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Category Archives: Humor

Packing for Mars by Mary Roach

Packing for MarsLet’s start with a disclaimer: I read this book many months ago, soon after it came out in hardcover.  While my goal here is to mostly review recent reads, I’m making an exception in this case because of its trade paperback release last month and the final Shuttle missions.

If you’ve read Mary Roach before, you know what to expect: easily accessible science, research into unusual but fascinating areas, and a healthy dose of humor.  Packing for Mars is true to form, and was one of my favorite books to hand-sell during the last holiday season.

Before reading this book, I thought I knew a lot about the space program.  My father is an actual rocket scientist, and NASA has occasionally entrusted him with things like moon rocks.  I’ve read The Right Stuff, more than once.  We have Shuttle magnets on our refrigerator, and I even played with an astronaut Cabbage Patch doll when I was growing up.  Somewhere I have a Lego set of a Shuttle on a launch pad.

Packing for Mars, however, explores space exploration from a very different, but very human, point of view.  From the psychological effects of being confined in a small capsule or floating freely out in space to the problems that arise from collecting human excrement without gravity, this book is an in-depth look at the lesser-known engineering marvels that have allowed humans to travel, live, and work in the void of outer space.  It is not just a matter of how to propel machines into space that interests Ms. Roach, but the idea of learning what humans need to survive in such and environment and adapting the vehicles accordingly.

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Bossypants by Tina Fey

BossypantsI was looking forward to this book like a person looks forward to things they look forward to. And there were parts of it that totally piqued my interest and made me “LOL” in the literal sense (and then explain myself to whoever was in the room). But for the most part this book was only mildly entertaining. I know! Sacrilegious.

The vague premise of the book is Miss Tina Fey teaching you how to rear your child to grow up like her: a confident, witty, feminist geek who doesn’t march to the beat of her own drummer only because she decided to play the triangle instead. And let’s be honest with ourselves: who wouldn’t want to be Tina right now? She writes great shows and movies, gets to star in said great shows and movies, has a great family, supportive parents, and counts Amy Poehler as one of her friends. Sign me up!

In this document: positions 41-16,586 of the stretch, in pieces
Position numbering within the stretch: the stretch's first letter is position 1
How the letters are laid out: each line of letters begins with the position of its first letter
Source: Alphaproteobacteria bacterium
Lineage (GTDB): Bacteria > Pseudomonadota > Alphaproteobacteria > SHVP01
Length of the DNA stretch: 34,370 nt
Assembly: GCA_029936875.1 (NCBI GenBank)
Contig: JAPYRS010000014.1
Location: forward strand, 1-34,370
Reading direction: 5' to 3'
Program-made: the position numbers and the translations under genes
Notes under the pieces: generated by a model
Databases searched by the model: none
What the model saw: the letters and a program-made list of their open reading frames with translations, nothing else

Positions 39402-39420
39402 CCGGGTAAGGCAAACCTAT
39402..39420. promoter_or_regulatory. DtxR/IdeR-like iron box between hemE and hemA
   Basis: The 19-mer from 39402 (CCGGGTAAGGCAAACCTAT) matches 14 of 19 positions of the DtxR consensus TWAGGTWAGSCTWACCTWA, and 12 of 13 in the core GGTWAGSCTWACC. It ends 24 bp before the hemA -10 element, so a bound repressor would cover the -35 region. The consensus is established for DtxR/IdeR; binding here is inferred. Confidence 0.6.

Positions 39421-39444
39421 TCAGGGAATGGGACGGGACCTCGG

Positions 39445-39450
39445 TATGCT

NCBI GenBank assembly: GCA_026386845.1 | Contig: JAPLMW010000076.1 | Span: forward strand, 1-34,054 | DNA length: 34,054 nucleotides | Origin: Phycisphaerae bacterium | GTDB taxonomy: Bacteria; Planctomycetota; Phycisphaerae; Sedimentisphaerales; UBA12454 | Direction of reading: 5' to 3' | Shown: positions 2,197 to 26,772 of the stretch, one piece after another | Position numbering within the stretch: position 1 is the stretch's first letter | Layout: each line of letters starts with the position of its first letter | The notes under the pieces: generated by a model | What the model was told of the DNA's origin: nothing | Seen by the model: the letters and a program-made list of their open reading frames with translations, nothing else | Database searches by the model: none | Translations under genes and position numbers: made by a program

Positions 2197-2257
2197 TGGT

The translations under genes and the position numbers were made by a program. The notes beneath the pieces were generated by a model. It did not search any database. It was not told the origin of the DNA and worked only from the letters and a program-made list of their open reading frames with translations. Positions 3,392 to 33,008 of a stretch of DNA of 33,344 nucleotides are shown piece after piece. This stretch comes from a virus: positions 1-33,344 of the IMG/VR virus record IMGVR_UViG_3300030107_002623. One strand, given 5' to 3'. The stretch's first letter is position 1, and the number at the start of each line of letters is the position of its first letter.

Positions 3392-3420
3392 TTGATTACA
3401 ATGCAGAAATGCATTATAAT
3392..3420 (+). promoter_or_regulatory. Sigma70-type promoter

But the way she goes about teaching you is kind of an organized mess of anecdotes that show how Tina or someone she loves/admires responds to a given life experience. Which, okay, I guess you are the sum of your actions. But hearing about her honeymoon cruise debacle, how she discovered she liked white guys, and her inability to decide whether or not to have another kid is stuff that is interesting only to close friends. And although I’d like to consider myself and the great T.Fey besties, my lack of interest in such anecdotes proves that I’m not.

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Posted by on May 8, 2011 in Book Reviews, Humor, Memoir / Biography

 

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Stiff: The Curious Lives of Human Cadavers by Mary Roach

Stiff by Mary Roach

Stiff by Mary Roach

If you’re anything like me, you watch those formulaic detective shows. You know, the ones where everything is packaged in a neat bow at the end – usually with the help of a medical examiner who knows the exact time and date the victim was murdered. And if you’re any more like me (which, creeeepy!), you’ve wondered at the accuracy of that time and date. I mean, is it even possible to know stuff like that?

Apparently, it is.

In one of the disturbingly engaging chapters in Mary Roach’s Stiff: The Curious Lives of Human Cadavers, she describes a section of the University of Tennessee’s campus devoted to the study of decomposing bodies in various states of…disposal? Eek, that sounds a little indelicate. But get this: some are splayed naked under trees while others are dressed to the nines but stuffed in a car’s trunk. Still others are in shallow graves or dumped in marshy lake water. All of this is done under the scientific eyes of Professors and soon-to-be medical examiners to determine the rate at which the human body decays in various circumstances. E. GADS. Let me warn you right now: if you are at all queasy about this subject matter, for the love of all that is good and holy, do not do an image search of the University of Tennessee body farm. What is seen cannot be unseen.
 

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